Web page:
Well, guys, Taylor Swift has done it again! Another new song from her upcoming album is out today and it's AMAZING! I swear that's relevant information to this post. Just stick with me here.
I had been putting off this blog post until Taylor Swift released the album Lover, as I feel it, with it's butterflies and pastel aesthetic contrasting with the snakes and black and white of Reputation, would be perfect evidence to support my argument, but the title track came out and it has me pumped enough to go ahead and write this!
Before getting to this song specifically, let's get to my point that the trope of the suffering artist has to go.
I recently saw an article that said Sad Taylor Swift is the best, And it has a point. my favorite songs of hers are the heavier ones (just see my post on "The Archer"). And back when details of Taylor's super private relationship slowly started coming out, leaving people speculating if they would get married, I remember seeing comments from people wondering what she would write about if her heart stopped getting broken. So, I feel that point on Sad Taylor leads to a slippery slope that's all too common in the creative world.
This idea of suffering has often gone hand in hand with art. Just look at how we talk about Hemingway, Plath, Van Gogh...This trope of the tortured artist is an old one and it's dangerous for us artists.
It's dangerous to feel you, as an artist, must suffer to produce anything worthwhile. It's a feeling I've dealt with myself as a writer. My journaling is often tapping into my darker feelings and, while I have no intentions of sharing them publicly, I can't help but feel it's some of my best work. I struggle with this on a physical level, even. When Anna Timperley and I wrote Lost in Grey, sleep deprivation simply fueled my imagination, helping us breakthrough plot issues and hitting our word count for novel status. Now, when I struggle with writer's block (which is almost always), I have to physically tell myself that I'm not going to exhaust myself for the sake of trying to write.
As the great poet Andrea Gibson said in their 2018 Facebook post, which actually inspired me to think about this topic as it's been in my mind since the original post, 'your joy is as deserving of your pen as your grief.' Your happiness doesn't make it impossible for you to make good art! Happiness does not equate to lack of substance.
Now back to "Lover." The song is beautiful, and most importantly for this topic, her happiness is palpable. Listening to her talk about the joys of living life with her love, you can't help but smile. I'm sitting here listening to it (again) as I write this and my heart swells with joy hearing it. The emotion I get from it is like when a girl writes her name with her love interests last name all over a notebook. It's like she's so happily blown away that she can't believe it's actually happening while realizing the simple things they can do like having friends stay over, or not taking down the Christmas lights, because it's THEIRS, all while wildly smiling each time she says the word "lover" (I can't be the only one who hears that smile, right?).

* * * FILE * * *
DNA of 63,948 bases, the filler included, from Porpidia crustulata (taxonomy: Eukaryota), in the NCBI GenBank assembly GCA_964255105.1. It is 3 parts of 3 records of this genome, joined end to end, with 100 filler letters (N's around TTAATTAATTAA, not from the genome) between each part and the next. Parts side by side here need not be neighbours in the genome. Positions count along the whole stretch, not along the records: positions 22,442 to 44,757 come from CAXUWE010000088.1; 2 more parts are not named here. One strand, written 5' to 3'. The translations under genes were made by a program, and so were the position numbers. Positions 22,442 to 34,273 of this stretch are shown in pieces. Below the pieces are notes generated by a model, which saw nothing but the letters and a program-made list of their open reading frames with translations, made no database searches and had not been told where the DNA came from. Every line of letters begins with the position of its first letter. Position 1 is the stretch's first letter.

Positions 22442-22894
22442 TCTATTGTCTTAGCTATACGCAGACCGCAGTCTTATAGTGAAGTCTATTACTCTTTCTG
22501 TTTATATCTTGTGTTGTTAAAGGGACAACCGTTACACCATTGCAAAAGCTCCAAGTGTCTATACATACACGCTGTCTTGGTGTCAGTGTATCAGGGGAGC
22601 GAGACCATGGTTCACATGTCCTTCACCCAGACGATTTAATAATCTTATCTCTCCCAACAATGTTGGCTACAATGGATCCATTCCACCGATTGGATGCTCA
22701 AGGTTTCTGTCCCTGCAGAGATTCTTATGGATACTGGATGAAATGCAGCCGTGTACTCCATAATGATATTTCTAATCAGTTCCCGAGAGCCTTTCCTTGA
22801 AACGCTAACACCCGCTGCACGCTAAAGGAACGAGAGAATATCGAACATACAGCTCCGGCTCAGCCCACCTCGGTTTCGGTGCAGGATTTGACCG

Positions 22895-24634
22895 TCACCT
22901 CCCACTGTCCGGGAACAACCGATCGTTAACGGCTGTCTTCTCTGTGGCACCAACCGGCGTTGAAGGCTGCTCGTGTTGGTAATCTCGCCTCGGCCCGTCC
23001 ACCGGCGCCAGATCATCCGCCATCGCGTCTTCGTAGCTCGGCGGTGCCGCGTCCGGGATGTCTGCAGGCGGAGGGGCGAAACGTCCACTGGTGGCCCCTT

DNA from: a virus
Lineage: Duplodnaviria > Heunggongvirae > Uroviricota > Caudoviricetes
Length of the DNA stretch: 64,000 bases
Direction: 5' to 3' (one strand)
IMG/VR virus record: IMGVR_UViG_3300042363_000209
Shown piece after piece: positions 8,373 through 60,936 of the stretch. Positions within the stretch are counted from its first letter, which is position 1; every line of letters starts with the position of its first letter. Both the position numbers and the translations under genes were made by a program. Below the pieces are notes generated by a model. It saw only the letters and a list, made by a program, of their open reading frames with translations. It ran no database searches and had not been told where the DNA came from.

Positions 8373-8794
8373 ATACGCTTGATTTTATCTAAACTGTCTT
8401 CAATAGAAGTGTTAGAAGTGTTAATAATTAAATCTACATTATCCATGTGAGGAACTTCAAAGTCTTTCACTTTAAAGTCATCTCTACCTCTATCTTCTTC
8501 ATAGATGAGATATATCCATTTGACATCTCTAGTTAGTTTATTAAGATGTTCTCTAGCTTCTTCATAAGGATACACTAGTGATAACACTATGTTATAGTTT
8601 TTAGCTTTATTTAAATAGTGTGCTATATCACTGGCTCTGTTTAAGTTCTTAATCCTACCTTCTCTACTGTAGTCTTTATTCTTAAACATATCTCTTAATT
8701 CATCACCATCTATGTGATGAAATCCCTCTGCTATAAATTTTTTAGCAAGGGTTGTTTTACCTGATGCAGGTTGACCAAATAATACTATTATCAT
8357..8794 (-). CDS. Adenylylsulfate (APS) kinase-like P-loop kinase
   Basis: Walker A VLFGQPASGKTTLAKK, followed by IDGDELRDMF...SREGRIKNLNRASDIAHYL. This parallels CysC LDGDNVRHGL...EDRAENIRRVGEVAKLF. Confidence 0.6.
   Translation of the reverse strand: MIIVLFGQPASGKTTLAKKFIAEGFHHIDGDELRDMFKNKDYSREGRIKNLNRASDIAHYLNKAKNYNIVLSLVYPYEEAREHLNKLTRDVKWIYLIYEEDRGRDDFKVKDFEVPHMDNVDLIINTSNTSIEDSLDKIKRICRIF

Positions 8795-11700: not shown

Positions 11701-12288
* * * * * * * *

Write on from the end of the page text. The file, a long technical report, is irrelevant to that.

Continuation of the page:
And lyrically, I just love it. She has so many nods to previous songs, which is one of my favorite things about her songwriting. "Take me home" could be a nod to "Style". "Forever and ever," "Sweeter than Fiction." Christmas lights are even in "The Moment I Knew." And with the exception to the reference to "Gorgeous" by calling him as a magnetic force, each reference is a nod to heartbreaks past. It's like using these phrases again are a way to cancel out the pain from before. Taylor never fails us with her lyrics, and her happiness doesn't negate that truth.*
"Lover" isn't her first song written from happiness, though. We all know she can write a fun bubbly bop like 'Shake it Off" or "Me!", but she has deeper songs about happiness, too. Just listen to "Gorgeous," a song that describes the feeling of having a crush better than anything I've heard or read. Listen to "Call it What You Want", where you can feel how in love she is with the description of her "baby." She even gets hot and steamy about her love interest with her song "Dress." She has these beautiful songs of substance that don't stem from heart break, but from feelings of infatuation and love. and they're off her darkest album! It's possible to destroy this trope! And based on the hints leading up to the release of "Lover," I have a feeling she's going to keep proving that point. Just another thing that makes Taylor Swift a good role model.
And if Taylor Swift isn't really your style, you can find all sorts of examples of this out there, too! In fact, going to my favorite, King of Sad Songs, Conor Oberst has an entire album of hopeful songs.
The point is, we all go through dark times, and writing (singing, painting, whatever your medium) is a wonderful way to cope and process through those feelings so please, don't stop making art when you're sad. But don't limit yourself to needing to suffer to make your art. Don't sit in your misery for the sake of creativity. Your light art is as special as your dark art.
*Shout out to Taylor Swift super fan Blake Walker for helping me find references to older songs in "Lover." This blog would've had a lot less substance without him!
Hello! I'm Lindsey. I'm a writer with a ton of random thoughts bouncing around in my head. So I share them here in hopes that they reach others with these thoughts.